Paul Gauguin 1848-1903 BACK

Gauguin was raised in Lima, joined the merchant navy in 1865, and then in 1872 began a successful career as a stockbroker in Paris. It was there he experienced his first Impressionists' exhibit that captivated him and confirmed his desire to become a painter. In 1883 the stock market crashed and he abandoned his business career and family, while frequently moving from one place to another, living on little money, and devoting himself to painting entirely.

His early work showed little promise and people laughed at him. From then his life was a crescendo of increasing bitterness at the world which rejected his art, for he realized that he was producing paintings of unparalleled strength and beauty.

An excerpt from Gauguin by Linda Bolton:
Gauguin's painting technique was quite different from both that of the Impressionists, who applied their colors in small, opaque dabs, and that of Gauguin, who used thick impastos and bold, expressionistic brushstrokes. Gauguin's paintings in the main are characterized by broad areas of color, relatively flat but nevertheless containing subtle variations of hue that give them a rich glow. He often added wax to his paints to give them extra smoothness and flow, and the paint is seldom thick, being thinnest at the edges of forms, where Prussian blue or earth red is often used to outline and strengthen the shapes. Sometimes parts of backgrounds were applied with a palette knife and then overlaid with thin, translucent paint put on with a brush.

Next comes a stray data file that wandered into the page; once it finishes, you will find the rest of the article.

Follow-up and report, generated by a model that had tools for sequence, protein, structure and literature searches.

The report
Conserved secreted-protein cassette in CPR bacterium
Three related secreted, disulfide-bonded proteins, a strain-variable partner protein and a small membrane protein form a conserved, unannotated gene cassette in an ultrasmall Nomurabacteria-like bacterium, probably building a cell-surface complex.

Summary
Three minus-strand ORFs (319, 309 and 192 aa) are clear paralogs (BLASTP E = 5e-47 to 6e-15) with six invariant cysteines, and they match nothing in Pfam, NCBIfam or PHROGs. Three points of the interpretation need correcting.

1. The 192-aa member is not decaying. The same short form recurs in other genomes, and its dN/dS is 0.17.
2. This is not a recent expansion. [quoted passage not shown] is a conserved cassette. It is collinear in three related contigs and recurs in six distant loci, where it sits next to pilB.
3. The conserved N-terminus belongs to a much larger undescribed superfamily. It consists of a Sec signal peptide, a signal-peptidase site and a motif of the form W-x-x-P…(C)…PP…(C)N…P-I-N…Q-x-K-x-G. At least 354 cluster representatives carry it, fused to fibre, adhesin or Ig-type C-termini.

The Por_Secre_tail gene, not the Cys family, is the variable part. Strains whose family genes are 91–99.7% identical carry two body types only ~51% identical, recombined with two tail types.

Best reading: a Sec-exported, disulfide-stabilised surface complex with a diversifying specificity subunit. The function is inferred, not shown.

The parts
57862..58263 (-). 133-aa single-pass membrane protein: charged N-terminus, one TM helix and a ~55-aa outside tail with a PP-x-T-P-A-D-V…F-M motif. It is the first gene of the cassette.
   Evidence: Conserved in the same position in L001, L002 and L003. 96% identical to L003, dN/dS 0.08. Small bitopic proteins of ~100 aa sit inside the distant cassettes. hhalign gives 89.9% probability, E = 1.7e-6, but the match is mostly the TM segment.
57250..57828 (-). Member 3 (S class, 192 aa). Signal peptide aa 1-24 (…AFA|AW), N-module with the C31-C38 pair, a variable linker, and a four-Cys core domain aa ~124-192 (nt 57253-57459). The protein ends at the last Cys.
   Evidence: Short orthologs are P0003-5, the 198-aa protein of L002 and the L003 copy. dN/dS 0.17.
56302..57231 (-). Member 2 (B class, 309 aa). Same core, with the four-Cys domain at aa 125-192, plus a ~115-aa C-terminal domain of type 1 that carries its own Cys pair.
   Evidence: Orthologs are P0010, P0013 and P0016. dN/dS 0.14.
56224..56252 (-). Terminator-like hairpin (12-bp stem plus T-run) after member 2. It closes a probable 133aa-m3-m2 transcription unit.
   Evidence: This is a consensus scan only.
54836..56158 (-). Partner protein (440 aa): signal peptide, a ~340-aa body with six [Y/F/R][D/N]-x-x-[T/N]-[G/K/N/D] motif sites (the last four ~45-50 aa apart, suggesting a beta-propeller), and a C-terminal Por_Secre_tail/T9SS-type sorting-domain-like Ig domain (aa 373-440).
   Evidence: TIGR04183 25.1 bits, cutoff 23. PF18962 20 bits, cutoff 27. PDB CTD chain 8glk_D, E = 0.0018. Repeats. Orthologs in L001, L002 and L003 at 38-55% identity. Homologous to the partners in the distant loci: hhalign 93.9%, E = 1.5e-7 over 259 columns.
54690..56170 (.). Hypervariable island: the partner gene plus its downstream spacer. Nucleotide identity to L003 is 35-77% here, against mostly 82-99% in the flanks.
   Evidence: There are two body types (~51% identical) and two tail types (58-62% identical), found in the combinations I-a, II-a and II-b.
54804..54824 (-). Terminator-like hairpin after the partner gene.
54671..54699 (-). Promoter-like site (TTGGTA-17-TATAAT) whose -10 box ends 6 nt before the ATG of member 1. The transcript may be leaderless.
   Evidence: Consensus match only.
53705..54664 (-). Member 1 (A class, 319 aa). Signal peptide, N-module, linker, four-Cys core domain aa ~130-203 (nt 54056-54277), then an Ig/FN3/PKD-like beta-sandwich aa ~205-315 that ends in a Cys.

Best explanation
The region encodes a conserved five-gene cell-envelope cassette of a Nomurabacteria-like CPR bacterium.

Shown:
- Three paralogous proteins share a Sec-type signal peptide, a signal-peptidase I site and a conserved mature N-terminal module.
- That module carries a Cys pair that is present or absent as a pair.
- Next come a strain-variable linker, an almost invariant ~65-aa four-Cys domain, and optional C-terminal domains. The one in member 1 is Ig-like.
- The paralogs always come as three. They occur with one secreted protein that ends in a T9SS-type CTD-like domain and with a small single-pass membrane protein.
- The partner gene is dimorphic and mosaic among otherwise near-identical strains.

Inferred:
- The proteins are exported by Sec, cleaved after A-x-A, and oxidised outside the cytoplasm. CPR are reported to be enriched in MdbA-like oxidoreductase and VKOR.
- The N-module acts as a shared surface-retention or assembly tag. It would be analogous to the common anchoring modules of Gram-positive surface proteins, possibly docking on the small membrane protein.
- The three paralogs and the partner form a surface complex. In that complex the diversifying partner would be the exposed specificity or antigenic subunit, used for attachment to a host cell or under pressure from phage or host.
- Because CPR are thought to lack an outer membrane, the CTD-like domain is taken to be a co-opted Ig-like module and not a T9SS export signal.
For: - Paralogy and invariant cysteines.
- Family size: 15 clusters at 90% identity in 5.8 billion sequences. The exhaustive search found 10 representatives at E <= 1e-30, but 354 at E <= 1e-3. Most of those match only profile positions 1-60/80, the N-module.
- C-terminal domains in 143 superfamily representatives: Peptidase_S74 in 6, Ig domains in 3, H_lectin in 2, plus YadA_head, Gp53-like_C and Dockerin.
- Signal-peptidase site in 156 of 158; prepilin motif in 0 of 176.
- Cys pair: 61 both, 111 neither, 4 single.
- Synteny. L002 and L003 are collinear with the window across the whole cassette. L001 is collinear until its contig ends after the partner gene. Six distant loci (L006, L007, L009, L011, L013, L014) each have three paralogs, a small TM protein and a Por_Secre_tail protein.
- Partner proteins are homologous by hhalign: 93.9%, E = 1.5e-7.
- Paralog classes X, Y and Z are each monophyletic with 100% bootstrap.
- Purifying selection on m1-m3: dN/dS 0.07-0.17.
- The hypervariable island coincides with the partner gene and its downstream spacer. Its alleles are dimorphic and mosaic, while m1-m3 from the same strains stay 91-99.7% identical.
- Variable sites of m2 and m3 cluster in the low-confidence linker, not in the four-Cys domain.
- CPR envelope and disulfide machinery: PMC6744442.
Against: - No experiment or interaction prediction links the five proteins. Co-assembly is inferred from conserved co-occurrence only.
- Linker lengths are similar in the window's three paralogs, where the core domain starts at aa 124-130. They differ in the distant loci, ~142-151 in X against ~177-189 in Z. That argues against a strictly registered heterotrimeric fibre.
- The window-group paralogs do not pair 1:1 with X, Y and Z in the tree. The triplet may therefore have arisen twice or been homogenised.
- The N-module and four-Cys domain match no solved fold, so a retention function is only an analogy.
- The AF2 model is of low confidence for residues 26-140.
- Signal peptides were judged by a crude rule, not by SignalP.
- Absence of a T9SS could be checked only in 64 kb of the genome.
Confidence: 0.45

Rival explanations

In his Tahiti period he often painted on unprimed hessian, or sackcloth, and in many of the paintings done at the time the weave of the rough fabric is clearly visible through the paint. This was partly a consequence of his poverty, as was the thinness of the paint in some of his works, but he had begun to experiment with coarse canvas with Gauguin in 1888, and found that the hairy surface of sackcloth enhanced the "barbaric" qualities he so much admired.

We know a good deal about his methods and the colors he used from his own copious writings and the following letter to the picture dealer Ambrose Vollard, written from La Dominique in March 1902, gives us an idea of the palette he favored at the time as well as of his financial problems.

Image List

Gauguin at his Easel, 1885

Still Life with Mandoline, 1885

Study for Four Breton Women, 1886

Still Life with Portrait of Laval, 1886

Two Girls Bathing, 1887

At the Cafe, 1888

Breton Girls Dancing, Pont Aven, 1888

Les Alyscamps, 1888

Woman from Arles in the Public Garden, 1888

Woman in the Hay with Pigs, 1888

Self Portrait: Les Miserables, 1888

Grape Harvest at Arles: Human Misery, 1888

Seascape with Cow at the Edge of a Cliff, 1888

Vison after the Sermon, 1888

Portrait of Gauguin, 1888

Self Portrait 1888

Bonjour Monsieur Gauguin, 1889

The Yellow Christ, 1889

Green Christ, 1889

Breton Eve, 1889

Christ in the Garden of Olives, 1889

Woman with Still Life by Cezanne

Madame Death, 1891

Copy of Manet's Olympia, 1891

Street in Tahiti, 1891

Te Faaturuma, 1891

Village under Snow, 1894

Self Portrait with Palette, 1894

Woman with Two Children, 1901

Woman with a Fan, 1902

Still Life with Parrots, 1902

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